Lemon laws typically only cover defects that occur within the warranty period. However, some states have laws that might offer protection for certain issues discovered after the warranty expires.

When sifting through lemon law frequently asked questions, finding the right legal representation is a common concern. Seek an attorney with specific experience in lemon law cases, positive feedback from past clients, and a proven track record of success. A preliminary consultation can help ascertain if they are well-suited to handle your case effectively.

Lemon laws vary significantly in terms of what vehicles are covered, the definition of a lemon, the number of repair attempts required, and the timeframe for filing a claim. It’s important to research your state’s specific laws.

While you can file a claim yourself, navigating lemon laws can be complex. An experienced attorney can provide valuable guidance and increase your chances of a successful outcome.

Outcomes can include a vehicle replacement, a purchase refund, or financial compensation for the defect’s impact on the vehicle’s value. The outcome is determined based on the severity of the defect, the number of repair attempts, and whether the vehicle’s use, safety, or value is substantially impaired.

 

 

In lemon law cases, the burden of proof typically falls on the consumer. You must provide evidence that the vehicle has a significant defect covered under lemon laws and that you have given the manufacturer a reasonable number of attempts to repair it. This documentation often includes repair bills, correspondence with the manufacturer, and a log of repair attempts.

Lemon laws generally apply to vehicles purchased new or used from a licensed dealership. Vehicles bought through private sales are usually not covered, as lemon law protections often require the vehicle to be under the manufacturer’s warranty.

While lemon law frequently asked questions include whether cash compensation is possible, the answer depends on your state’s laws and the specifics of your case. Some states allow for cash settlements as a remedy, but it’s typically up to the manufacturer’s discretion or the result of negotiations led by your attorney.

If you believe the settlement offer from the manufacturer does not adequately compensate for your lemon vehicle, you are not obligated to accept it. It’s advisable to consult with a lemon law attorney to negotiate a better offer or to advise you on the feasibility of pursuing further legal action.

The definition of reasonable repair attempts can vary by state but generally includes a specific number of attempts to fix the same defect without success, or a vehicle being out of service for a certain number of days. The specifics can often be found within the lemon law frequently asked questions for your particular state.

Yes, some states extend lemon law protections to motorcycles and recreational vehicles (RVs). However, the coverage and criteria for motorcycles and RVs can differ from those for cars and trucks, so it’s important to check the specifics in your state.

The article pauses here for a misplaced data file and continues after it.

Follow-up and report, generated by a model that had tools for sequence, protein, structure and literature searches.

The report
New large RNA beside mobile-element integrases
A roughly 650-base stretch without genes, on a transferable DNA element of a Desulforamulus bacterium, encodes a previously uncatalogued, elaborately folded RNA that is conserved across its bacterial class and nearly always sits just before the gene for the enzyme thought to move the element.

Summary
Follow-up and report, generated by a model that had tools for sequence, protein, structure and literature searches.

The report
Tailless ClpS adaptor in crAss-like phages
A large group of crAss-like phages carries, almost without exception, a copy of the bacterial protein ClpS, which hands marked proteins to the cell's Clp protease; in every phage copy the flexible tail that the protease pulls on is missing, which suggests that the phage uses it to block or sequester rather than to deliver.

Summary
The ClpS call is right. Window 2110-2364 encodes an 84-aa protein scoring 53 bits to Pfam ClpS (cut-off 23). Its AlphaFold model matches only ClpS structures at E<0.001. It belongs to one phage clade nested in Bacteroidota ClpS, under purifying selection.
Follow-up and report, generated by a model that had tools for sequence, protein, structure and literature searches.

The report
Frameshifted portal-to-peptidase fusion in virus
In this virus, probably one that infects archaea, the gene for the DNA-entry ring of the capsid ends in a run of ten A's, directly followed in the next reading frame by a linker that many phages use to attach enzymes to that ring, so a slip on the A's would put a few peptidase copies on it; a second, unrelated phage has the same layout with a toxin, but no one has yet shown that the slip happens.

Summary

If your car, previously repaired for a significant defect under warranty, starts showing the same problem after the warranty expires, you might still have options under your state’s lemon law. Document the issue and consult with a lemon law attorney to discuss your situation and potential next steps.

Yes, there’s a difference. A lemon law claim specifically addresses vehicles with defects that substantially impair their use, value, or safety and are not repaired within a reasonable number of attempts. A breach of warranty claim, however, can be made for any failure to meet the terms of any warranty provided with the vehicle, not just those qualifying it as a “lemon.”

Electric vehicles are also covered under lemon laws, much like traditional gasoline vehicles. The same criteria apply: if your EV has a defect that significantly impairs its use, safety, or value and the issue cannot be fixed after a reasonable number of attempts, it may be considered a lemon.

Modifying your vehicle or adding aftermarket parts can potentially affect your lemon law claim. If the manufacturer or dealer can prove that the modifications directly caused the defect in question, your claim may be denied. It’s important to consult lemon law frequently asked questions in your state or speak with an attorney to understand how modifications can impact your case.

 

 

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Frequently Asked Questions

Under Lemon Law, you could be eligible for significant compensation if your car is constantly in the shop for these issues. You might be entitled to more than just repair services. This could mean a cash settlement, a repurchase of your problematic vehicle, or a replacement with a brand-new car!

Our services are 100% absolutely free of charge. Manufacturers are responsible for covering attorney fees in lemon law cases, and our services do not impact the amount you collect from your settlement. You won’t need to pay anything upfront, and in the event that we do not succeed in your case, you will not be billed for attorney fees.

Yes, we handle leased vehicle cases as well.